Holy Week is especially restricted...by choice and out of respect for the Lord.  The fast is the strictest that last week.
Holy Friday is to be very solemn and quiet.  Yes, we know the Resurrection is just around the corner....and yet, are we prepared?  These are our last days to prepare...so we pray more, read more, etc. 
Holy Saturday...Liturgy in the morning...and afterwards, as a female, my day is mostly spent in the kitchen...cooking and baking for the Paschal Feast.  However, no TV's are on, no radios, no music, etc.  I would even say that the birds are a bit hushed that day.  Next year, listen...compare it to the following day - Pascha....when the birds greet the morning in a burst of song...before you've even made it to bed...they are up and joyously singing!  That might be my imagination...but, I imagine the same thing year after year!  ;-)

Same with Feast days!

Sundays, as well.  My mother raised us to do no "work" on Sundays.  No laundry.  The grass doesn't get cut.  No sewing.  This can all be accomplished on one of the other 6 days.  Sunday is reserved for the Lord's work.  After Divine Liturgy, go out and volunteer, visit a nursing home, or stay home and read.

God didn't need to rest on the 7th day, however, He knew that we would.

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« Reply #7 on: November 13, 2010, 07:00:48 PM »

I seem to have glossed over the fact that you were talking about Holy Week. I agree completely, Holy Week should be spent in very solemn contemplation, and spending as much time at church as possible. I know a number of people who take all of that week off work so they can do so.
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biro
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« Reply #8 on: November 13, 2010, 07:27:09 PM »

Thank you for being patient. If I was out of line, big  Kiss for everyone.   Wink Cheesy
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« Reply #9 on: November 13, 2010, 10:59:22 PM »

Quote from: orthonorm

Quote from: Walter Sobchak
Saturday, Donny, is Shabbos, the Jewish day of rest. That means that I don't work, I don't drive a car, I don't @!#! ride in a car, I don't handle money, I don't turn on the oven, and I sure as @!@! *don't @!@!@! roll*!

I don't know what you're talking about. I will explain what I meant, which I thought would be understood here. I was brought up in a Catholic home, and my parents would have me taken out of school on Good Friday. I was to stay home, and I mean stay home, between 12 noon and three PM on Good Friday, because those were the hours Our Lord was on the Cross. That was the Catholic tradition in those times, and my parents were pretty serious about observing it. When I got a little older, they expected me to go to all the Holy Week services, and I mean all of them-- morning, afternoon, evening, the Hours and the ones that go for two or three hours. I remember Mom would drop me off and go find a place to park a couple of blocks away because the place was dang near full. We stood up almost the whole time, we held candles, we sang... it was the last of the 'good days,' before they stopped caring how they ran the parishes, before a whole lot of other things that I don't have time to talk about now-- or I could, but I wasn't kidding.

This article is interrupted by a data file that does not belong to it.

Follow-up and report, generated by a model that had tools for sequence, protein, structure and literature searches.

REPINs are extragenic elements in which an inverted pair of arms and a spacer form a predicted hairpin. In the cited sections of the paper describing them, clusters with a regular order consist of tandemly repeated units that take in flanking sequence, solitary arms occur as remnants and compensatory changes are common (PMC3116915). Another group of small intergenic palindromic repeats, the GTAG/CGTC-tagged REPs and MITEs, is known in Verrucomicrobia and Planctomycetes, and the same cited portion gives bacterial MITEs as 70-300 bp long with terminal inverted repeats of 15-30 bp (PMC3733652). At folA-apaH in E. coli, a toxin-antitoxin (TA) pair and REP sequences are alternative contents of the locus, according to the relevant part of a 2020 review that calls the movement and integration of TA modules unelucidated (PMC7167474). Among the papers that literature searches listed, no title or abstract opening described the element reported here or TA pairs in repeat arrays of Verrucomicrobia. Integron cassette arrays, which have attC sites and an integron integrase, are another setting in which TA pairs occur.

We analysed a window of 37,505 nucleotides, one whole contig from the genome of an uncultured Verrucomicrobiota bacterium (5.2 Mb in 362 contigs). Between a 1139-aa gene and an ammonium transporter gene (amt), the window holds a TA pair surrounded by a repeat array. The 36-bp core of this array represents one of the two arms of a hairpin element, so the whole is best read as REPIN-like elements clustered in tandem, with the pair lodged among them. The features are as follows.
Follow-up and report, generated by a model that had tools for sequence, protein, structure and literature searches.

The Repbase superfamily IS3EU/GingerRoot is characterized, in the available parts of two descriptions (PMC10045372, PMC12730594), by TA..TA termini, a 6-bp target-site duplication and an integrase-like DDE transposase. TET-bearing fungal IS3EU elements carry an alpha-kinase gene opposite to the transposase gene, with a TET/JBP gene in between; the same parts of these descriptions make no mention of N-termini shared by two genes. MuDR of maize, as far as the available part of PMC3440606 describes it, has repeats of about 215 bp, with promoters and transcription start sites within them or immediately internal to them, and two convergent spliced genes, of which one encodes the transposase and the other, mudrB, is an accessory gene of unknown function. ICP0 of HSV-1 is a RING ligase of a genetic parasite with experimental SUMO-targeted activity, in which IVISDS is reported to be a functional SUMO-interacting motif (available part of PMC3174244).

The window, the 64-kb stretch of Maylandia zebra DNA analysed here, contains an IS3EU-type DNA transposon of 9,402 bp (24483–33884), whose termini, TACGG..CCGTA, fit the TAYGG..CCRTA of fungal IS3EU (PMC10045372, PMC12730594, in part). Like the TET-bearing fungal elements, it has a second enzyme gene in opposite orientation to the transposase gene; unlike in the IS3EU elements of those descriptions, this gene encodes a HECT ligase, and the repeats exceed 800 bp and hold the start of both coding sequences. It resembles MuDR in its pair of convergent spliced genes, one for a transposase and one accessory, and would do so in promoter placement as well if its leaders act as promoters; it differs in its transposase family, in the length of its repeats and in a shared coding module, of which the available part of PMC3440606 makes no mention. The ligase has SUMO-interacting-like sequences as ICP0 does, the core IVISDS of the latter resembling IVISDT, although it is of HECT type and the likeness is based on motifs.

What I was trying to ask in the first place, was whether the Orthodox kept the same habit of staying indoors or keeping things generally low-key on Good Friday (when you're not at church). Holy Saturday in particular is always one of the most difficult days of the year for me. I tend to get pretty depressed on that day. Yes, I know the Resurrection is the day after that, so in a sense the Lord is almost with us then, but in a way He is not (yet). Maybe you think that's funny? I don't.

I don't know, maybe I'm not cut out for this, maybe I'm not going to make it anyway. It's a good thing I know the people in my parish, because otherwise, I don't know what I'm going to do. Maybe I will just have to be 'wrong' and have to pray all the more for God to forgive me. I am sorry.

I guess you're not a golfer . . .
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« Reply #10 on: November 14, 2010, 02:35:58 AM »

I try to keep a general rule of not going to any businesses on Sundays, but I don't know if there are "rules" about this. For me it was a simple as putting all of these together:

1) We are not to do servile work on the Lord's Day.

2) If I go shopping, out to eat, etc. then I am causing someone else to have to do servile work on the Lord's Day.

3) I am also preventing people from having the opportunity to attend church services on a Sunday.

4) Our culture used to collectively respect the solemnity of Sunday and basically shut down everything. There are still small vestiges of this (such as shorter hours on Sunday), and I think we as Orthodox Christians should actively nurture these small remnants of piety in popular culture. If we (meaning all Christians) don't shop on Sundays, then they're not going to be open.

It's not really that hard to prepare ahead of time and fill up on fuel for your vehicle, stock up on groceries, and not go luxury shopping one day of the week.
« Last Edit: November 14, 2010, 02:37:15 AM by Alveus Lacuna » Logged